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Saturday, October 26, 2013

Don't Eat At Racist El Potrillo Restaurants in Mississippi

Update: The manager at El Potrillo in Flowood, Mississippi has fired the racist cashier who ignored Black patron (Maati Jone Primm), to serve white customers. Ms. Primm is pleased with his actions in resolving this issue.

An Article for your consideration
Maati Jone Primm
Marshall’s Music & Bookstore
601-355-5335

At 2 pm, on October 26, 2013, I visited El Potrillo Restaurant in Flowood, MS and was the victim of a racist incident. I patiently stood in line, waiting to place a takeout order for someone else. I was second in line and when it was my turn, I was standing directly in front of the cashier who ignored me and took the check of a white woman who approached the checkout counter even though I was there before her. After she completed that transaction, the cashier reached passed me to take the ticket of yet another white customer. When I protested, she again ignored me as if I was not standing directly in front of her. The cashier finally finished with that transaction, she looks at me as if she was seeing me for the first time and asked, “Are you ready to order?” I replied, “Yes I want to speak with your manager and I want your name.”


The manager approached me and asked if there was a problem. I described what had occurred and he took my order. I also explained that the employee refused to tell me her name stating that she did not speak English and that I had then asked her in Spanish, “Como se llama?”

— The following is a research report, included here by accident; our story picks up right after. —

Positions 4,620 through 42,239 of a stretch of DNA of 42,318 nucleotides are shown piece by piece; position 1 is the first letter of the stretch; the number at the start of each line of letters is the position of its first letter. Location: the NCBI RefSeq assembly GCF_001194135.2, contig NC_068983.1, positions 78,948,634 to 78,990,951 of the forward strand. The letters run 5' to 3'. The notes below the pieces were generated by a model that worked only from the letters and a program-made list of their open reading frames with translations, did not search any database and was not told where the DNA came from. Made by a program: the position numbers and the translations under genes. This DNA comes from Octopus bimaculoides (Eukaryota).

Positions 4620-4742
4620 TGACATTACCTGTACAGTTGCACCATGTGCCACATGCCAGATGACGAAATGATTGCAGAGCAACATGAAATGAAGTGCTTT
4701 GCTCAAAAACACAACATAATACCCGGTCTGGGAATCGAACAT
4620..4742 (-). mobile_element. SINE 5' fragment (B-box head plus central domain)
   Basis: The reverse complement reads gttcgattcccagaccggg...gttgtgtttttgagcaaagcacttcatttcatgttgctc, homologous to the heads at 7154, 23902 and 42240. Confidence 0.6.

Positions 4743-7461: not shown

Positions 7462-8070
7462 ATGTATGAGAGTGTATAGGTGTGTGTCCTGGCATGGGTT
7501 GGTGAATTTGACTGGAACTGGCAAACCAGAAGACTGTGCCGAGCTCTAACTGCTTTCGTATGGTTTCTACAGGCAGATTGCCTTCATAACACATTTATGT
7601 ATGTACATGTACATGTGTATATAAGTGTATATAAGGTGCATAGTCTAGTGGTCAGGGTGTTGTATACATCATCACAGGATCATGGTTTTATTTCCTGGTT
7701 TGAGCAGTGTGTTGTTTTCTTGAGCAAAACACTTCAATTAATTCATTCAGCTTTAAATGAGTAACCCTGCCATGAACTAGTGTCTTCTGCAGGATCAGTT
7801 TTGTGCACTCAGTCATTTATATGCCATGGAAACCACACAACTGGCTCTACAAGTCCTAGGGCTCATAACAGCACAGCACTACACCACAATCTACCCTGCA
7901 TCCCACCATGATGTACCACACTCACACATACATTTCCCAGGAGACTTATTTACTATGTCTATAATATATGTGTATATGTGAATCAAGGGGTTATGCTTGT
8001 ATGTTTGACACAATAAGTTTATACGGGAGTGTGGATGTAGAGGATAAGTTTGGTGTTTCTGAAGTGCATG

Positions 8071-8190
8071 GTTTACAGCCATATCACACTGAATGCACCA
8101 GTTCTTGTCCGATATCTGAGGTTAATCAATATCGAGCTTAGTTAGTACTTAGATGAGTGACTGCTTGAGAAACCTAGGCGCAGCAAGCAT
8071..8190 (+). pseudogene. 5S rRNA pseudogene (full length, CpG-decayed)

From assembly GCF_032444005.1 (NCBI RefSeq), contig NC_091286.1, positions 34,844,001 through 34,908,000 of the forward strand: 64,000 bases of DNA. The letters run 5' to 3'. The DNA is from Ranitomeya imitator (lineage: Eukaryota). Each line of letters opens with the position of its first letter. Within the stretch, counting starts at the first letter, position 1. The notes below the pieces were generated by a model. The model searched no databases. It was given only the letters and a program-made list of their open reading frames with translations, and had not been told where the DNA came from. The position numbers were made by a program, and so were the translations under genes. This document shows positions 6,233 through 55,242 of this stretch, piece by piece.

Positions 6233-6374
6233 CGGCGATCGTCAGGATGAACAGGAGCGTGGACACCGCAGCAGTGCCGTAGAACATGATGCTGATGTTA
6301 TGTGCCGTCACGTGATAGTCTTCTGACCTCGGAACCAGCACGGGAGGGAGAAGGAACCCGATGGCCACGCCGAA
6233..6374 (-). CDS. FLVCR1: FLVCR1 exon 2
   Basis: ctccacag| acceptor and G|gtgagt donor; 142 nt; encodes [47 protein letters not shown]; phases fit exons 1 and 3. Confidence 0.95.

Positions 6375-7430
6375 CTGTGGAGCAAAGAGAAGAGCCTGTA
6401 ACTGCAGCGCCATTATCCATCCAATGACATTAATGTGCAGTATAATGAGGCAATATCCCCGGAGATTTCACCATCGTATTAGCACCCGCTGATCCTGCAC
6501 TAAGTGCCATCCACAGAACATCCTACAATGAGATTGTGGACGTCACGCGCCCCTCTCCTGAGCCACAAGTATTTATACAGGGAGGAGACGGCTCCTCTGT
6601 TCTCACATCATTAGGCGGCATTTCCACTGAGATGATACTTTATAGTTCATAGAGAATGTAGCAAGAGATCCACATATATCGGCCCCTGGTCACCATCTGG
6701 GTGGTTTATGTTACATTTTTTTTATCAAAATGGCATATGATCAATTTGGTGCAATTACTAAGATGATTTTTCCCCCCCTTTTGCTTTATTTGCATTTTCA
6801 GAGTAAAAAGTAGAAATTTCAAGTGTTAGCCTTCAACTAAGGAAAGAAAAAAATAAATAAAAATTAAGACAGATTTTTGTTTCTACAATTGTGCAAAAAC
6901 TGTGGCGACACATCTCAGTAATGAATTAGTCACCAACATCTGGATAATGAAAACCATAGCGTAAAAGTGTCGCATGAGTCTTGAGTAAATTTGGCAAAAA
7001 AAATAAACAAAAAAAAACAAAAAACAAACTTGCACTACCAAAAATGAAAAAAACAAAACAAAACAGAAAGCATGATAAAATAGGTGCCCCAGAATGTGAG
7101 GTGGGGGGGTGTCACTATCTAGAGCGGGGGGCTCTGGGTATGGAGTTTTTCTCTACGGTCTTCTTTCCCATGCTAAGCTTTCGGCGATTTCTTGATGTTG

The manager and the cashier engaged in a conversation in Spanish in which the manager told her that I had been first and should have been served first (He had passed by and spoke to me when I entered the restaurant). He further asked the cashier why she did not tell me her name. She was nonresponsive. I informed the manager of who I am - an activist and that since neither he nor his cashier would inform of their names, I would be pursing this further with El Potrillo Restaurant Incorporated.



Black consumers, historically can look to a time not long ago, a time of segregation when whites were served first without regard to first come first serve and without respect. We were served last, having to go to the back door or just outright refused service. Those brave american-African souls who sat-in, prayed-in, and marched for not just our rights as human beings but fought for simple dignities that should have been ours without the asking. In conclusion, I want to say to all of my people, do not suffer injustice humbly-fight on. The struggle continues because as Frederick Douglass told us, “Power concedes nothing without a demand.”

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